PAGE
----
A traditional hard drive will get you the most bang for your buck. Although slower than solid state drives, hard drives have become more refined in recent years and you can still achieve decent transfer speeds.
If you are having a difficult time choosing between the two... don't. You can install both a solid state and hard drive. It is common practice to load your important software such as the OS and frequently used applications onto the smaller solid state drive and everything else onto the hard drive.
For a modern computer it is recommended to go with a storage space of at least 1 Terabyte (1 TB) . A 500 GB should suffice for most people but the price difference between the two is negligible and you'd be robbing yourself to choose otherwise.
Choosing a power supply should be the last thing done as the wattage required is largely determined by the components installed in your system, mainly - the video card. For a mid-range system we recommend a 500 watt, 750 watt for an enthusiast system, and beyond for more elaborate gaming systems.
FAQIn response to the increased amount of questions from users who're building computers, a Q&A was destined to help everyone decide on desktop components. In this version of the Q&A I will be covering choosing the main components (CPU, Mobo, and Memory), a Q&A for Video, Sound, and Storage devices will be covered later. As with most Q&A's, I'll try to include as many answers as possible.
Choosing Desktop Components
Q). Which Processor should I go with, AMD or Intel? A). While this can be debated and go on for days on without anyone agreeing with each other, the answer is simple, if you're on a low budget of around $150 or less, the logical solution would be AMD as their low end models pack more bang for the buck compared to Intel's model. If you have a budget of $150 or more to spend on the CPU alone, it's hard to choose between Intel and AMD, but my suggestion would be Intel as their new "C" (ex. 2.4C) feature an 800 MHz FSB (Front Side Bus) and Hyper Threading technology which reduces system lag when your system is on full load.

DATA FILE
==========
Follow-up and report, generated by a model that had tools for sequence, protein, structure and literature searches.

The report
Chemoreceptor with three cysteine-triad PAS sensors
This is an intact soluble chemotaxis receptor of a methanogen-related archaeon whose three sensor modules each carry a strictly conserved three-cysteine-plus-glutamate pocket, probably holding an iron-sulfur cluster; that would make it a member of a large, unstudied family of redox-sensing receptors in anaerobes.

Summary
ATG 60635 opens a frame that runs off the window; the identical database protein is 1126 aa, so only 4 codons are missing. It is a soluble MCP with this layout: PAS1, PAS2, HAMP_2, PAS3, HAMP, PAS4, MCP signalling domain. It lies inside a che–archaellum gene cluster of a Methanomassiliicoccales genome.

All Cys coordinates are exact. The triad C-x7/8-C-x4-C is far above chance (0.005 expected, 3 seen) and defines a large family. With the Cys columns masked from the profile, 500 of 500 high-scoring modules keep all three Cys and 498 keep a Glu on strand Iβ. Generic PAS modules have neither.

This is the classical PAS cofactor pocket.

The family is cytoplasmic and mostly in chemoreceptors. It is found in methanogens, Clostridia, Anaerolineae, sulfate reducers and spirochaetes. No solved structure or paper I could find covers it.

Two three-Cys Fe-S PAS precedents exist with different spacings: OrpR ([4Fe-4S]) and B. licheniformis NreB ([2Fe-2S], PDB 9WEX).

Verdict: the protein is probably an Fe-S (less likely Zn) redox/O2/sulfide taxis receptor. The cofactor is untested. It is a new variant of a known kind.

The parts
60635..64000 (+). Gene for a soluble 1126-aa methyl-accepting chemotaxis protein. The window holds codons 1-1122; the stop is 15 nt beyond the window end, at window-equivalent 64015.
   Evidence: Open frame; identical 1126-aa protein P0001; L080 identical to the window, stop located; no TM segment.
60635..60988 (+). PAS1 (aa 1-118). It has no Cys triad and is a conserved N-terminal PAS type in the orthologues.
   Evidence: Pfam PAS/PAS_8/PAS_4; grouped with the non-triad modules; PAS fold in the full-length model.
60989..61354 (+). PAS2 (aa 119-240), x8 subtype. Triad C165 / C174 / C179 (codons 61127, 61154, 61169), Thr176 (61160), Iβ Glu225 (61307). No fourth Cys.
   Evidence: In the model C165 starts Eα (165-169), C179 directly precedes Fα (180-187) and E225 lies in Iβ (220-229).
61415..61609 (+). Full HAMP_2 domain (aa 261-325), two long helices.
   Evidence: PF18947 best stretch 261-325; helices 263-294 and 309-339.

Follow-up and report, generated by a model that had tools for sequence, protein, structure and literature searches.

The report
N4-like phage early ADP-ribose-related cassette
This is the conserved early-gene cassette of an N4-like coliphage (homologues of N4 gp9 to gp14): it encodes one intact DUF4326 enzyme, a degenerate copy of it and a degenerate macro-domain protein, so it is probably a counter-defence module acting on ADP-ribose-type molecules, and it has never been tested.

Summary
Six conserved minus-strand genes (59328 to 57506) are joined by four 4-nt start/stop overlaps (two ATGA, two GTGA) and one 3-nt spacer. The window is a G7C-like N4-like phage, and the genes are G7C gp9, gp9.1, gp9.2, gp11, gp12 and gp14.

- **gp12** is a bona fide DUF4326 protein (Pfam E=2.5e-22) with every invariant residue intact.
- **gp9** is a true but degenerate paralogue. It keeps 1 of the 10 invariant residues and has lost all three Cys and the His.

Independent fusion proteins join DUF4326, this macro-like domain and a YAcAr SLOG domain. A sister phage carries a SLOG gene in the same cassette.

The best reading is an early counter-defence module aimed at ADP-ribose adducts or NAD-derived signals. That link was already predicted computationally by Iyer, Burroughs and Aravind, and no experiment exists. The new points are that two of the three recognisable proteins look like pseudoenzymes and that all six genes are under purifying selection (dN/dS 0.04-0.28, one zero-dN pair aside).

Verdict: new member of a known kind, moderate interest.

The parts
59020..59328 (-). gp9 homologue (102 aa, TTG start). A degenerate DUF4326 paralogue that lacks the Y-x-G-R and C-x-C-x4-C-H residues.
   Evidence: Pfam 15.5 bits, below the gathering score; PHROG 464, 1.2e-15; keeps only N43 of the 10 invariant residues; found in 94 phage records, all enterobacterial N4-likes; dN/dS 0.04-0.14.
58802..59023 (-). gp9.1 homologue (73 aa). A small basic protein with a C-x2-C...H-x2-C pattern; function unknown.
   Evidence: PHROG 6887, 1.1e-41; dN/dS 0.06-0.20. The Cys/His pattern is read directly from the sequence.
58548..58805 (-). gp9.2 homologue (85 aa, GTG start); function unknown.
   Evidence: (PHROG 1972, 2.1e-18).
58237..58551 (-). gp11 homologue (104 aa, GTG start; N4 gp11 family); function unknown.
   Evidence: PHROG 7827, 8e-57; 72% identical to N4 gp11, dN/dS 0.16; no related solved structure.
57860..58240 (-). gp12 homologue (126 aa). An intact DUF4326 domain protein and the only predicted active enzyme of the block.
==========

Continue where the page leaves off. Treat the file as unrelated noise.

Q). Ok, so I've chosen to go with AMD, which model should I go with?
A). Currently AMD's Athlon XP 2500+ (1.8 GHz) Barton is a great bargain with it's 512K of L2 cache and 333 MHz FSB and can be had for $109.99. With the Barton 2500+ there should be a noticeable speed improvement in games and applications. The downside of this is the Barton's require a 333 MHz FSB supporting motherboard which is problematic if you're upgrading from an older Athlon/Athlon XP.
If you have an older main board that only supports 266 MHz FSB and want to upgrade, the other solution would be the Athlon XP 1700+ (1.47 GHz) for $55.99 or 2000+ (1.67 GHz) for $69.99.
Q). Ok, I have the money to spring on an Intel system, which speed grade should I go with?
A). This is hard to answer depending on how much money you have to spend. For the most bang for buck, the 2.4B/2.4C would be the most bang for the buck while the 3.2C will be the fastest and costliest. If you were just looking for something for everyday applications, the 2.4/2.6C would be your best bet as they hit the sweet spot for pricing.
Q). Now that I've chosen a processor, which motherboard should I go with?
A). Motherboards are a touch choice and it's hard to recommend any specific motherboard for a processor, thus I'll give suggestions to help you in choosing the right product.
If you want to go with AMD, there're a few chipsets to choose from. The main chipsets for the Athlon XP are NVIDIA's nForce 2 Ultra 400, nForce 2 400 (Single Channel), VIA KT400/KT400A, KT600, KM266A, Silicon Integrated System's (SIS) 745FX and 748.